Moving on, sometimes you can feel the intensity of the fish in the air. It is so electrifying it is hard to put on lures and even to cast. Hundreds of porpoising coho in front of you, and you’re so jittery you can’t cast. On one day of this, in heavy rain, I could not get a single fish to bite. I was fishing Colorado blades, with a dink float several feet up the line. I finally put the rod under my arm and just stood there cursing the fish. This was a backeddy with a seam on the outside that passed down stream.

It crossed my mind that I could no longer see my float. When I lifted the rod tip, there was a 13 pound coho on the other end. After its release, I tossed the blade out and let the current move the float in circles, and watched. Darned if it didn’t disappear again and a nice coho was on the other end. And I took more than half a dozen other fish the same way.

While lure spin would not get a fish to bite, the lure hanging straight down in the water about six feet under the float, just floating along, was deadly. The fish were whacking it with abandon – odd but true. Two other wet anglers on the other side of the rising side-stream, with coho passing up, were tossing spinners, too, but catching nothing and giving me the evil eye. I ended up giving them my spot, and explained what I had been doing.

They politely laughed at my explanation, thinking it was the spot that was important, so I slogged through the rising side-stream to where they had been standing. It was not as good a spot, as the back eddy started twenty feet below it, just where I had been standing. I cast out and let the float pass without any mending, and, yes, it disappeared and I got another silvery coho.

Over the next couple of hours, they caught nothing and finally were so mad that I had caught another half dozen fish – where they had been fishing – and they had not had a bite that they left. I moved back down to the better spot, and continued catching fish.

And, yes, I have never forgotten this unusual coho behaviour. Because of that experience, I carry a simple red and white bobber in my fishing raincoat, all year round.  It is only used in coho season, but the reason is that you don’t have to cut the mainline and put in a dink float when you are fishing in spots where that approach isn’t the best one, for example, in deep pools or ultra-clear water.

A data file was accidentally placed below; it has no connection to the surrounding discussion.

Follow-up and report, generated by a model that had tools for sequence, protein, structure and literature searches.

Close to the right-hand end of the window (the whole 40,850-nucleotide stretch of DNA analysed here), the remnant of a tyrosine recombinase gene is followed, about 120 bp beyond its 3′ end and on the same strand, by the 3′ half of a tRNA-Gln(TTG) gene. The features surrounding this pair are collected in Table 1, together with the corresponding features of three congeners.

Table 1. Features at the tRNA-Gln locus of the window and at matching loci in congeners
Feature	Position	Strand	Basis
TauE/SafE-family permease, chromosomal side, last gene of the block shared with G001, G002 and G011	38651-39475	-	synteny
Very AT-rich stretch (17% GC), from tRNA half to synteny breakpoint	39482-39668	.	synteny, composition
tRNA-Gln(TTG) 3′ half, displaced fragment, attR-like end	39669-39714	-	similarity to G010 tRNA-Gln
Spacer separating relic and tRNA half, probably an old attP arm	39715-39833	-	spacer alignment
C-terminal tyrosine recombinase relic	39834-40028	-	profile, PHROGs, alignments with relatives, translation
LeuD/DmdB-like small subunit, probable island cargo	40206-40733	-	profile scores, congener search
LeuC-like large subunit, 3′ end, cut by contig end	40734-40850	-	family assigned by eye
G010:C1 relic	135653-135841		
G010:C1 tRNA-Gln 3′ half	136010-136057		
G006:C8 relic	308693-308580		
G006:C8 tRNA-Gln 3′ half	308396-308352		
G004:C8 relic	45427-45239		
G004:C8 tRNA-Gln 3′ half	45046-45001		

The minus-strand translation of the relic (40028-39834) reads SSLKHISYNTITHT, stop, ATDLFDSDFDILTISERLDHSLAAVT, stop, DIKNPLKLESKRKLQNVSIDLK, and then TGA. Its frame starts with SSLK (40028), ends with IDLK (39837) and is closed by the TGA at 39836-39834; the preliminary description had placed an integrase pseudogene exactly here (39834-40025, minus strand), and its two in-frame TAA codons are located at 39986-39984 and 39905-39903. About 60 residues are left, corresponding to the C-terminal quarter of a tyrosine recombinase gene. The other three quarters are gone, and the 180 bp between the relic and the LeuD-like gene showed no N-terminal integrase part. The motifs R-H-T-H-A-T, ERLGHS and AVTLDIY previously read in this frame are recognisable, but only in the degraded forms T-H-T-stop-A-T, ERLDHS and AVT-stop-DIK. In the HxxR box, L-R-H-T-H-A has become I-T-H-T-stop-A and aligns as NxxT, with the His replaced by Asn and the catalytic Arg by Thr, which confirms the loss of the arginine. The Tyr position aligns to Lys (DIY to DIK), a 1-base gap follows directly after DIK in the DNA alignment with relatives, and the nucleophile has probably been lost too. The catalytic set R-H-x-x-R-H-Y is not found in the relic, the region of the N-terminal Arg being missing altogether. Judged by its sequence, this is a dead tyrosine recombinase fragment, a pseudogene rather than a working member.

You just attach the mainline around the bottom and top hangers on the bobber and then cast out. One day, I noticed some turned-on, porpoising coho about 150 feet below me. The shore was a tangle of ugly bushwhacking vegetation and if I had shoved through, there was no place to cast, because the tangle of willow stuck out ten feet into the water.

On went the float, then a small cast, and I let the float carry the spinner down stream. When it was in the fish zone, I clicked out of free-spool, and the bobber went down. The result was a 20-pound coho. Hard to believe, but over the hours, because I had that bobber was able to catch another half dozen lovely coho I had no other way to reach. It has worked in many succeeding years.

The point is, if you catch a fish, figure out what the special circumstances are that made it bite, write that in your notebook and next year, take it out, and do it again. And so on.

Okay, one more story. Once in the pouring rain, I passed a stream and stopped to look and yes, dozens of large coho porpoising in the tail out. At the top end of the pool, I slid into the water and it rose to two inches from the top of my waders – I had miss-judged the depth – and found myself with only a foot of water from the surface to the branches above the water to make my cast.

Sidearm, I could cast only 10 feet. The fish were 70 feet below. Out went the spinner, and once the blade thump was on my rod tip, I let the line free-spool so the stream carried the lure – because of its blade drag – down to the fish, whereupon, I set the reel in retrieve and the lure swung in front of the coho. The good news was that I got a bite right away. The bad news was that the fish went directly downstream and the line snapped when it went around a corner.

I had eight spinners and tied successive ones on, let the reel carry the spinner down and so on. A 20 pounder would bite, and then it was over the tailout into the next pool. Snap. On my last spinner, a Mepps white-glow one, the fish moved toward me and ultimately I landed and released it. I lost 7 lures in all. But it was a large fish and the first coho I ever took in December. Memorable.

It was the first time that I had used the white-glow spinner, and it would be written down and remembered for successive years. Some years it is the best colour. The point is to adapt what you know and see if you can make it work. So, over the years, you build up a list of strategies to try every day out.